An arson trial of two Central Islip firefighters faltered Monday before it could get started after the judge in the case ordered prosecutors to turn over evidence apparently favorable to the defense that they had withheld for months
State Supreme Court Justice John Collins denied a defense request for a mistrial, but his displeasure with Suffolk prosecutors was clear and he sent jurors home from Riverhead without hearing opening statements in the trial of Weldon Drayton Jr., 34, of Brentwood, and Stephen Hernandez, 25, of Central Islip. Drayton is also a suspended Suffolk police officer.
At issue were several facts contained in paperwork defense attorneys received Friday that they said should have been disclosed months ago. Under what is known as the Brady rule, prosecutors generally are required to turn over evidence favorable to the defense as soon as they are aware of it.
Failure to comply with the Brady rule plagued the latter years of former District Attorney Thomas Spota's administration, resulting in murder cases against more than a half dozen defendants falling apart. Spota's successor, Timothy Sini, pledged that his office would be different.
"There's not an issue that's more important than creating a culture of compliance," Sini said last year. Following legal rules such as Brady not only is the ethical thing to do, but also makes convictions less vulnerable to appeal, he said then. Sini did not respond Monday to a request for comment.
In this case, Collins seemed unimpressed by arguments from Assistant District Attorney Andrew Weiss — chief of Sini's Public Integrity Bureau — that the withheld evidence was not covered by the Brady rule.
"Despite all the doubletalk you just put on the record, I cannot fathom a situation where an experienced prosecutor would not turn this over to the defense," Collins told Weiss. He added later, "I cannot fathom a theory under which the defense was not entitled to that material as quickly as possible."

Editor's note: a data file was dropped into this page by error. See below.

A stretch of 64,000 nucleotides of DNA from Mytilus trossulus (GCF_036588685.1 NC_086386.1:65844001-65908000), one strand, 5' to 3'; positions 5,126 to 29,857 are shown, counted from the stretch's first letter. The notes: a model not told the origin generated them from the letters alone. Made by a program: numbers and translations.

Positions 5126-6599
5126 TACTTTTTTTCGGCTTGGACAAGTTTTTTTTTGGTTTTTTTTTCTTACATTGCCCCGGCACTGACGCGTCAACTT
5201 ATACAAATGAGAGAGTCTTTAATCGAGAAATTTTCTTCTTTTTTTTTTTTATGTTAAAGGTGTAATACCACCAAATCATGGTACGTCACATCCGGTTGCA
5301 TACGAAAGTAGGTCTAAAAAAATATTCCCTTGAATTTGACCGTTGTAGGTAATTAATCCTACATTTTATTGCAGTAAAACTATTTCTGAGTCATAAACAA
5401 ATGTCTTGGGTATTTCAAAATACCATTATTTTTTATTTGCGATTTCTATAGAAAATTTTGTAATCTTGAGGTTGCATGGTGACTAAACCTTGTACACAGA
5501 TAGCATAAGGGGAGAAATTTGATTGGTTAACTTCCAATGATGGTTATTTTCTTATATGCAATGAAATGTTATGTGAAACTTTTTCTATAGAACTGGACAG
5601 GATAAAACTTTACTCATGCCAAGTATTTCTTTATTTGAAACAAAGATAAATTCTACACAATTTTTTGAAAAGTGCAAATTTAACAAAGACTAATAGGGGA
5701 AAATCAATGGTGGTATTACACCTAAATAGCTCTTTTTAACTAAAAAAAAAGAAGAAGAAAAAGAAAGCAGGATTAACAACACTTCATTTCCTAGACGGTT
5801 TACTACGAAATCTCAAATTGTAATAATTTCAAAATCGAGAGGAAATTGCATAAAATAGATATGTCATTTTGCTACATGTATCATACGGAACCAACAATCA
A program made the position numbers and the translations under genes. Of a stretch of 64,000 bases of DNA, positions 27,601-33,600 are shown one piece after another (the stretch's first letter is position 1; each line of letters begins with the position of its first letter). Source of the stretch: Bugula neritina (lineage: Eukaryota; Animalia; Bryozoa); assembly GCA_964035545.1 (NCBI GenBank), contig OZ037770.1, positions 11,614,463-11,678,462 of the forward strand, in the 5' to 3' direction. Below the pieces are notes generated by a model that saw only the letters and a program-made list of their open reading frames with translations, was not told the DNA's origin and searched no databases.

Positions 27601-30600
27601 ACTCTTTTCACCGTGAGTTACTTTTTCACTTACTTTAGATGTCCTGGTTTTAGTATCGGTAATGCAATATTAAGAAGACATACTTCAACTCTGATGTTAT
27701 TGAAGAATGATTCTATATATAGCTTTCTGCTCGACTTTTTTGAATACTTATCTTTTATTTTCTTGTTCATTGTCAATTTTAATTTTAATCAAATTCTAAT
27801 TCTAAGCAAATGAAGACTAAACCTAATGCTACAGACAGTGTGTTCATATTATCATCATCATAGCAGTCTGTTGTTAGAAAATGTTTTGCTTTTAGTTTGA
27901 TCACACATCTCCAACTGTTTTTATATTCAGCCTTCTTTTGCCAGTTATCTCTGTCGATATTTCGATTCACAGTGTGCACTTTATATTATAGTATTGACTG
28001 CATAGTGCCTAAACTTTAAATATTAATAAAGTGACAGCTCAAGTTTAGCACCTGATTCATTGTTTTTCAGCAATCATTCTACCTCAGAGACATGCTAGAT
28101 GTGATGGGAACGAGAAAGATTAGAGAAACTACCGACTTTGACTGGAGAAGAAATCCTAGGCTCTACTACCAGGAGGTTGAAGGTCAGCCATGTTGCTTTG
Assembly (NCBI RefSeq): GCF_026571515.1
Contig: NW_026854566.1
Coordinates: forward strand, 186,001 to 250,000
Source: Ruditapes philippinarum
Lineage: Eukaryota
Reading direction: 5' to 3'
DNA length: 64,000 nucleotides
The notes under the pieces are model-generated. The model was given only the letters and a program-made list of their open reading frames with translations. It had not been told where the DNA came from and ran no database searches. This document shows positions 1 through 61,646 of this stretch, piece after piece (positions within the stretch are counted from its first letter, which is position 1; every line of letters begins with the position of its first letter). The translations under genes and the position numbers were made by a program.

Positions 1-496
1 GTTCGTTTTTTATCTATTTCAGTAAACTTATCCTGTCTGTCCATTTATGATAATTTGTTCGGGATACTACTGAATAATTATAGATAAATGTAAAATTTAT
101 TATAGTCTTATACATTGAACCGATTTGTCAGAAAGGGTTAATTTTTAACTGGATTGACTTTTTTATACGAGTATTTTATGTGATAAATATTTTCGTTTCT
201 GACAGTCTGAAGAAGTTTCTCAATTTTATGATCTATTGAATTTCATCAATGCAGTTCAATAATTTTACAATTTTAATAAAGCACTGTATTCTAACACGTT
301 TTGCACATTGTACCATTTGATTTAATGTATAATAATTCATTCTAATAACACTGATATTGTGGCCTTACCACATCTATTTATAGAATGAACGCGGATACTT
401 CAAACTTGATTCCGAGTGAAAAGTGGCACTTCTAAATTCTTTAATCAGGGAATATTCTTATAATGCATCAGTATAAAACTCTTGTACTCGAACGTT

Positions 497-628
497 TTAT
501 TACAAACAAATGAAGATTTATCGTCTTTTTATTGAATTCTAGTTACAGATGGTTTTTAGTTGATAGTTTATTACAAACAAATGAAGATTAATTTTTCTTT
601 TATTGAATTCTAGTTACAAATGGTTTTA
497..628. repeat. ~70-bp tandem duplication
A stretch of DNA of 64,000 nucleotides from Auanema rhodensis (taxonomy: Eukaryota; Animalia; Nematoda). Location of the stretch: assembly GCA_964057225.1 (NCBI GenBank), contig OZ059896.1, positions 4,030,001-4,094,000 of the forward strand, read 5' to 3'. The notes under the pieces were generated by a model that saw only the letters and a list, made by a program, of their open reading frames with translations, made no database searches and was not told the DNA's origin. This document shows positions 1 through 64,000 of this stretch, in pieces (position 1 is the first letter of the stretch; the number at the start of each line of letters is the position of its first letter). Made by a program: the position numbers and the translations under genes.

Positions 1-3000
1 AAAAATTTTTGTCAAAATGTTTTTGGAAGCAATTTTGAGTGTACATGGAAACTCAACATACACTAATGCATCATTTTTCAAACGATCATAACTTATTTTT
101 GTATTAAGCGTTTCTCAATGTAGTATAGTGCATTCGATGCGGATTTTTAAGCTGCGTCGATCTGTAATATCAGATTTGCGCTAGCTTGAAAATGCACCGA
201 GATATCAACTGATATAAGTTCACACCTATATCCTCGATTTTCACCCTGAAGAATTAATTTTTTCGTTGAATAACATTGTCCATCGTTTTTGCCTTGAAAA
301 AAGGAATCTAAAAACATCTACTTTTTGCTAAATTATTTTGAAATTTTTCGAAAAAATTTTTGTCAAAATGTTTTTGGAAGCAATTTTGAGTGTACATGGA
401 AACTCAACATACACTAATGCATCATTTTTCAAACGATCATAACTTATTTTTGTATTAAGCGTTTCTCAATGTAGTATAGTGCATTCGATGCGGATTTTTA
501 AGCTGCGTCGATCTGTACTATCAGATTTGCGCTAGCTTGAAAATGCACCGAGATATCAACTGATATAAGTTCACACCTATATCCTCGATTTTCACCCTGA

Hernandez' attorney, Steve Politi of Central Islip, said his co-counsel, Caroline Mayrhofer of Hauppauge, recognized the importance of the material, which fell into two broad categories.
First, he said the defense should have been notified that two other charged firefighters who are cooperating with prosecutors have been re-arrested on other charges.
Second, Politi said a detective's notes suggest that surveillance video at the firehouse doesn't show the defendants taking the actions that witnesses claim they did, such as filling bottles with gasoline or changing clothes. The defendants are accused of setting fires to abandoned homes so they could be among the first to help put them out.
The two cooperating firefighters are Alfredo Laureano and Jonathan Moore, Politi said. Laureano was charged in January in Nassau with third-degree criminal possession of a weapon and other charges, pleaded guilty and will have the charge dismissed if he stays out of trouble for a period of time, Politi said. Collins called that a "surprising disposition" for someone who was awaiting sentencing on his arson plea.
Moore was arrested twice last year, both times charged with unauthorized use of a motor vehicle. Moore also pleaded guilty and was sentenced to a year in jail, Politi said.
Collins said not only should the defense have been notified, but he should have been, too.
"Did you inform the court that he [Laureano] was arrested for a felony while out on my dime?" Collins asked Weiss, noting that he had let Laureano remain free without bail.
"No, your honor," Weiss replied.
Collins asked Weiss to produce the videos and the court paperwork for Laureano and Moore, but Weiss had none of it with him in court. Weiss said the videos are "legally useless" because they do not have time stamps on them, but Collins said the detective's notes refer to specific times on the video.
"It's puzzling to me," Collins said of the discrepancy.
"This explanation, it makes no sense," Politi said later. "We're entitled to this video, because it's exculpatory."
Politi and Drayton's attorney, Stephen McCarthy of Manhattan, asked for a mistrial, but Collins said that was premature. He said he would hear again from the defense on Wednesday.